With more than 80 million copies shipped as of March 30, Take-Two Interactive's (NASDAQ:TTWO) Grand Theft Auto V has an installed base that's only about 10 million units lower than the combined user bases of Sony's PS4 and Microsoft's Xbox One consoles. That's an incredibly impressive feat -- and one that points to GTA V being a unique success in the history of the medium. It's transcended being just a game at this point and is now effectively its own platform.
On June 13, Take-Two released GTA Online: Gun Running, the game's latest free downloadable content expansion and what looks to be another momentum driver for the types of in-game purchases that are propelling the company's incredible performance gains. But, while Gun Running is likely to deliver the latest in a long line of successes built off the core game, there are other features in the title's online mode that are even better examples of GTA V's transcendent status.
Games within a game
Prior to the release of Gun Running, Rockstar and Take-Two released GTA Online: Tiny Racers -- a racing-style game that's unlike anything else in the GTA V package. With its top-down camera, altered handling for the in-game vehicles, and a different aesthetic, the company's "Tiny Racers" game mode would probably be unrecognizable as GTA V to the casual video game fan and exemplifies the ways in which the publisher's hit game is evolving. These types of innovations will likely continue to feed the GTA Online cash cow by encouraging continued player engagement and pointing to additional opportunities down the line.
Last quarter, digitally delivered sales accounted for roughly 50% of Take-Two's total revenues, and roughly half of those digitally delivered sales came from customers purchasing downloadable content and in-game currency (what the company calls "recurrent consumer spending"). Grand Theft Auto: Online has been by far the biggest impetus in driving these high-margin sales, and ongoing updates and the introduction of new game types that add variety to the overall package have been a big factor in the game achieving the impressive feat of growing recurrent spending in each of the three years following its release.
Tiny Racers isn't even a unanimous hit with the game's player base, with fans seemingly split on whether or not it's worth spending much time on, but it adds a lot to the overall package in terms of variety and is exactly the type of thing the game's creators should be doing to keep GTA: Online fresh. Compared to the cost of developing a game from the ground up, Tiny Racers and other new modes are likely incredibly inexpensive to create and give reasons for players to keep coming back and spending money on in-game purchases.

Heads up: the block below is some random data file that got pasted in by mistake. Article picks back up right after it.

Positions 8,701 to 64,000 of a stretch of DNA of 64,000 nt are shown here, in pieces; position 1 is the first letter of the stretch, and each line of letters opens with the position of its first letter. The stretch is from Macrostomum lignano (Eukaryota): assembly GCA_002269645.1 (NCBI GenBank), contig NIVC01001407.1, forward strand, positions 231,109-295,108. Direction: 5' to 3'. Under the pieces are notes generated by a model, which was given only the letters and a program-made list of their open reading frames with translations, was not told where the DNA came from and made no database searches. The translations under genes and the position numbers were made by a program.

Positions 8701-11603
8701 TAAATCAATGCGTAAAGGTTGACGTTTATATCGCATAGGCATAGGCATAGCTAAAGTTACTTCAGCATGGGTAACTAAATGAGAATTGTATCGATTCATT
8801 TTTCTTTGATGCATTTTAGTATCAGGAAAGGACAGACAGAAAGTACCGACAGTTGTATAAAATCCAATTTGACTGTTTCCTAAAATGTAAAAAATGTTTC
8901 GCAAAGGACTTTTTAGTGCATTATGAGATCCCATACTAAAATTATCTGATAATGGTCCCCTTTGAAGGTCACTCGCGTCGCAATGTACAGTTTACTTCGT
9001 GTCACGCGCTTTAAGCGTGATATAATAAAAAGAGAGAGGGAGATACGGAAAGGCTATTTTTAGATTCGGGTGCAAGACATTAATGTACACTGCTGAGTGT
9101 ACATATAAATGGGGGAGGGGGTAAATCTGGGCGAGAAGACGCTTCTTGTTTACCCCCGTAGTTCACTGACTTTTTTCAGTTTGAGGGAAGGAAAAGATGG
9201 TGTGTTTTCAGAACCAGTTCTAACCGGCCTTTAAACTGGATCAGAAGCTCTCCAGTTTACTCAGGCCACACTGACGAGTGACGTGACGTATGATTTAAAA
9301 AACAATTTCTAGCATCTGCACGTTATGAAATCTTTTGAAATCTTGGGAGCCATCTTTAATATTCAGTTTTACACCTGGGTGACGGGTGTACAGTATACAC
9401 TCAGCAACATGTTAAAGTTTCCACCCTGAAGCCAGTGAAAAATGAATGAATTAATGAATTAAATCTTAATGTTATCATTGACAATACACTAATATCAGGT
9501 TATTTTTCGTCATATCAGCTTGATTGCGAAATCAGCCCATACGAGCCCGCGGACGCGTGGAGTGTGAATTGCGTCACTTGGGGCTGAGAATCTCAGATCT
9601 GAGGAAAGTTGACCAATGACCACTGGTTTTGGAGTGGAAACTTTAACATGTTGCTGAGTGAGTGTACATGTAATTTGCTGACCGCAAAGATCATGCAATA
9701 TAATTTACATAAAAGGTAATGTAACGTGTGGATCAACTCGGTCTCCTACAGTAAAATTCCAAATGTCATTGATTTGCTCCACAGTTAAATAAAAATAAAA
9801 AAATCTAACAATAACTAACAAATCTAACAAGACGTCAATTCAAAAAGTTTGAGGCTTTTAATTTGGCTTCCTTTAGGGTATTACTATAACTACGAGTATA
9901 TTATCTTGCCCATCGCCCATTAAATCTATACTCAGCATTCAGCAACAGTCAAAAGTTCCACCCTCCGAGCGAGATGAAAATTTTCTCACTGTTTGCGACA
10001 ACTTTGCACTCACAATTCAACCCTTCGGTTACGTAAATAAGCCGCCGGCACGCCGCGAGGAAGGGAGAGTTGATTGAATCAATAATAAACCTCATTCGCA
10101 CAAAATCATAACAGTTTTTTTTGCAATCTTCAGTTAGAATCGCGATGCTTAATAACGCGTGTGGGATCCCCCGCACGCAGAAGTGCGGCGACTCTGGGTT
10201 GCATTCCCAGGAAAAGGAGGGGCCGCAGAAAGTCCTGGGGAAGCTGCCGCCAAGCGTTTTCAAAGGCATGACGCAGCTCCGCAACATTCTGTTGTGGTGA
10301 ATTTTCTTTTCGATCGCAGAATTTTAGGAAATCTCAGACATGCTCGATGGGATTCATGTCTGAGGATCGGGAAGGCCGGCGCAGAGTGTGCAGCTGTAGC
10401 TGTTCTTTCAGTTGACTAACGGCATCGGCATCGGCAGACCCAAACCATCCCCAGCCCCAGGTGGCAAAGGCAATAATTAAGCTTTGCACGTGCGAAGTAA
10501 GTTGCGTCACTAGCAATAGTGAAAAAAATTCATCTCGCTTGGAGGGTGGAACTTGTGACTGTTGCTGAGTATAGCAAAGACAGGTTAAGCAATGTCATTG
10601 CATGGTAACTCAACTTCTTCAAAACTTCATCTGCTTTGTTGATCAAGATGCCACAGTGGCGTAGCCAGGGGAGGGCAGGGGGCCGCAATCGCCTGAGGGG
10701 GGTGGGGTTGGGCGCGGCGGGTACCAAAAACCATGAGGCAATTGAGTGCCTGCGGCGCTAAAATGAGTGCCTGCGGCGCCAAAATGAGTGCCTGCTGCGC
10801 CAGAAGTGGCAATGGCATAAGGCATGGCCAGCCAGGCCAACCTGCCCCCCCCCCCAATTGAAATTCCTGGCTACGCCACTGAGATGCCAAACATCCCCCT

The game's Cunning Stunts mode is more immediately recognizable as belonging to the Grand Theft Auto V family and is yet another example of how Take-Two is delivering content to sustain the life of its most successful release ever. It's not unreasonable to think that the company will continue to expand the GTA Online experience into new genres with future updates.
A variety of online modes and the strength of the game's core single-player experience have helped it deliver retail staying power far beyond the company's expectations, and strong consumer interest in the title's evolution suggests it still has big sales power ahead. Despite Grand Theft Auto V first releasing in September 2013, the game came in as North America's third best-selling video game in the month of May.
Where does Grand Theft Auto go from here?
One thing that's really promising for the future of Grand Theft Auto is the fact that its online component still has substantial shortcomings. While the core single player experience is already quite refined in most ways, GTA Online still has a lot of rough edges. The fact that Take-Two has been able to make the game's online experience such a profitable enterprise despite its shortcomings suggests that performance could be even more impressive if some improvements were made.
As it stands, GTA Online currently suffers from long load times between matches and when switching between game modes -- setbacks that can take players out of the experience and hurt engagement. If those types of issues can be minimized to create a more seamless experience, whether, in the current game or a future series installment, Grand Theft Auto has even greater potential as an online hub that keeps players coming back for its array of content.
Teresa Kersten is an employee of LinkedIn and is a member of The Motley Fool's board of directors. LinkedIn is owned by Microsoft. Keith Noonan owns shares of Take-Two Interactive. The Motley Fool owns shares of and recommends Take-Two Interactive. The Motley Fool has a disclosure policy.